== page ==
FDG-PET/CT In the Evaluation of Persistent Febrile Neutropenia in Cancer Patients
What is the significance of this project? The significance is two fold: (1) the serious
nature of the clinical condition that it addresses, and (2) in the potential ease and safety
by which this approach could be translated to clinical practice. Although there have been
many advances in treatment modalities related to febrile neutropenia, it still remains a
common complication of cancer therapy and accounts for the majority of
chemotherapy-associated deaths (Sipsas 2005). The broad-spectrum therapeutic management of
febrile neutropenia is often "shotgun" in its approach, without a clear source to allow
target-specific therapy. The subpopulation of patients with febrile neutropenia that present
the greatest problem is that with persistent febrile neutropenia > 5 days despite broad
spectrum antibiotics, and without an identifiable source of infection. As noted previously,
however, the definition of persistence is changing in medical practice. Currently medical
professionals are ordering diagnostic imaging studies such as CT scans earlier due to the
need to localize a site of infection and use the most appropriate antibiotic therapy.
Without a target, multi-drug antibiotic therapy in these patients can continue for many
weeks. The drugs are often toxic, with substantial side effects. Hospitalization is
extended. The cost of broad spectrum hospital course of antibacterial and antifungal drugs
is in the range of multiples of $10,000, and the cost of extended hospitalization to treat
an unknown infection in a patient with persistent febrile neutropenia may be multiples of
$100,000. Chemotherapy may be suspended or discontinued, with risk of development of
chemo-resistant tumor cells. Conventional imaging methods are limited in evaluation of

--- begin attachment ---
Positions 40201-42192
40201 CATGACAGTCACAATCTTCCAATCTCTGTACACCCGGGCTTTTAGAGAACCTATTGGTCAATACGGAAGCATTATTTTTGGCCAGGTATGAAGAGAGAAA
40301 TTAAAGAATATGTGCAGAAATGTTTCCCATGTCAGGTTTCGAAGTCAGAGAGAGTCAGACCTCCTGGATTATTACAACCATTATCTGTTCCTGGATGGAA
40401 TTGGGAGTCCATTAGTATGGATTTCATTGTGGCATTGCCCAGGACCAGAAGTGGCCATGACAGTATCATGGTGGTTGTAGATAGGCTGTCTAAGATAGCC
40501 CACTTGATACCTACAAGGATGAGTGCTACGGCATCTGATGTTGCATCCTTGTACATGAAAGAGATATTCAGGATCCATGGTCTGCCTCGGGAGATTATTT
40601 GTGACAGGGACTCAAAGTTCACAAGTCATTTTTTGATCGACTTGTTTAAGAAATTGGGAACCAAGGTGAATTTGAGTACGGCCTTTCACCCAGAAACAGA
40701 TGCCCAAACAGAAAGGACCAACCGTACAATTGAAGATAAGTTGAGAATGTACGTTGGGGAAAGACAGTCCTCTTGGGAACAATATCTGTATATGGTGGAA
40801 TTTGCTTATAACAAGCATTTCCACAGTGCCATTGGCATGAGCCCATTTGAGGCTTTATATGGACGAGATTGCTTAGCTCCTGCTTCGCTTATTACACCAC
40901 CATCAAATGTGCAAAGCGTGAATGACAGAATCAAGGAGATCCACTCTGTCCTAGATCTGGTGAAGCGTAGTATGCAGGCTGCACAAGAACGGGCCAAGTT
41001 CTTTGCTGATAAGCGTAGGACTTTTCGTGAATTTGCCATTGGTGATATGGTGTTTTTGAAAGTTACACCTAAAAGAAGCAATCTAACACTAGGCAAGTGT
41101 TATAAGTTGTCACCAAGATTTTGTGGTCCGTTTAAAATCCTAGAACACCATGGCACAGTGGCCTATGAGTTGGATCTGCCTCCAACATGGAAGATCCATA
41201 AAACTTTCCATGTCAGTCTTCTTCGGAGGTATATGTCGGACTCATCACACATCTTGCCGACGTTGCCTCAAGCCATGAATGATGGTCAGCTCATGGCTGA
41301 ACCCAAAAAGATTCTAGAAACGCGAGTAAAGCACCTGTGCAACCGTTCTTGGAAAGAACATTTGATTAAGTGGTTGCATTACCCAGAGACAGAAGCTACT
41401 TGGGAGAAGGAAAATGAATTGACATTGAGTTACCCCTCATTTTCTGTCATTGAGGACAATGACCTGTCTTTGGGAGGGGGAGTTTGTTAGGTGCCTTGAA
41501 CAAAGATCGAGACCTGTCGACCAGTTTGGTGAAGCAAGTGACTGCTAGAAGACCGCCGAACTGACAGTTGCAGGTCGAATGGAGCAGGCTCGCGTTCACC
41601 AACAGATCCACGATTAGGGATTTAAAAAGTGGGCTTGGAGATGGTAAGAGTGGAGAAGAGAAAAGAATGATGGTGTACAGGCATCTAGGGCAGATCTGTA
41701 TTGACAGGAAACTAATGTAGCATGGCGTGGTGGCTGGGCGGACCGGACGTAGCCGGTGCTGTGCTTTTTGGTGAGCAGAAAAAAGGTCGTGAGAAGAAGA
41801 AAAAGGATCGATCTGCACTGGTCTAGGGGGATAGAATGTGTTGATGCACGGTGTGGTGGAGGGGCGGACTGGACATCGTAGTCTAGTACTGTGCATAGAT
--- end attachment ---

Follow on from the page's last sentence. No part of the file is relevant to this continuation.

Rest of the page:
febrile neutropenia due to lack of anatomic changes. The lack of sufficient white cells to
mount an inflammatory reaction compromises detection of sites of infection by radiography or
Because white cell number is severely reduced, the use of labeled white cell scans is often
precluded. If FDG-PET/CT can provide a likely anatomic site for targeted antibiotic therapy
in this specific high risk population, it is possible that morbidity/mortality from
infection and antibiotic side effects may be minimized, hospitalization days may be reduced,
and effective anti-cancer therapy may be continued without interruption. Although FDG-PET/CT
is not cheap, the ultimate result may be highly cost-effective.
Our oncologist and infectious diseases co-investigators predict that a tissue diagnosis can
be obtained in at least 80% of all FDG-PET/CT or CT findings that are suspicious for
infection in children and 50% in adults. This confirmatory tissue diagnosis will serve as
the "gold standard" to assess the effectiveness of FDG-PET/CT in finding a source of
Additional confirmatory factors will include clinical response to targeted therapy and
resolution of associated radiographic or CT findings. The data will be evaluated to address
the following questions, which are the sub-aims of the funded proposal:
1. How effective is FDG-PET/CT in identifying sites of infection in patients with febrile
neutropenia without an obvious cause?
2. To what degree does FDG-PET/CT improve detection of sites of infection over CT alone?
3. What FDG-PET/CT imaging variables best predict the presence of infection at a specific
site (e.g. standardized uptake value [SUV], concomitant abnormality on CT)?
4. Can the magnitude of uptake of FDG measured by an SUV at sites of infection predict the
identity of the infective agent (bacterial vs. fungal vs. viral)?
5. Does magnitude of uptake at sites of infection correlate with absolute neutrophil count
6. Can a clinical scoring system be developed to identify a population of patients in whom
FDG-PET/CT is likely to be most efficacious in identifying sites of infection?
This pilot data will be used to determine whether there is sufficient support for, and to
aid in the design of, a large, prospective, multi-center clinical trial to establish the
cost-effectiveness and efficacy of FDG-PET/CT in evaluation of febrile neutropenia,
compared to patients who are managed by conventional methods.
Endpoint Classification: Efficacy Study, Intervention Model: Single Group Assignment, Masking: Open Label, Primary Purpose: Diagnostic
The primary goal of this study is to perform FDG-PET/CT scans in approximately 100 cancer patients (both adults and children) with persistent febrile neutropenia where the source of infection has not been identified.
John M Hoffman, MD
Huntsman Cancer Institute
United States: Institutional Review Board
|Huntsman Cancer Institute||Salt Lake City, Utah 84112|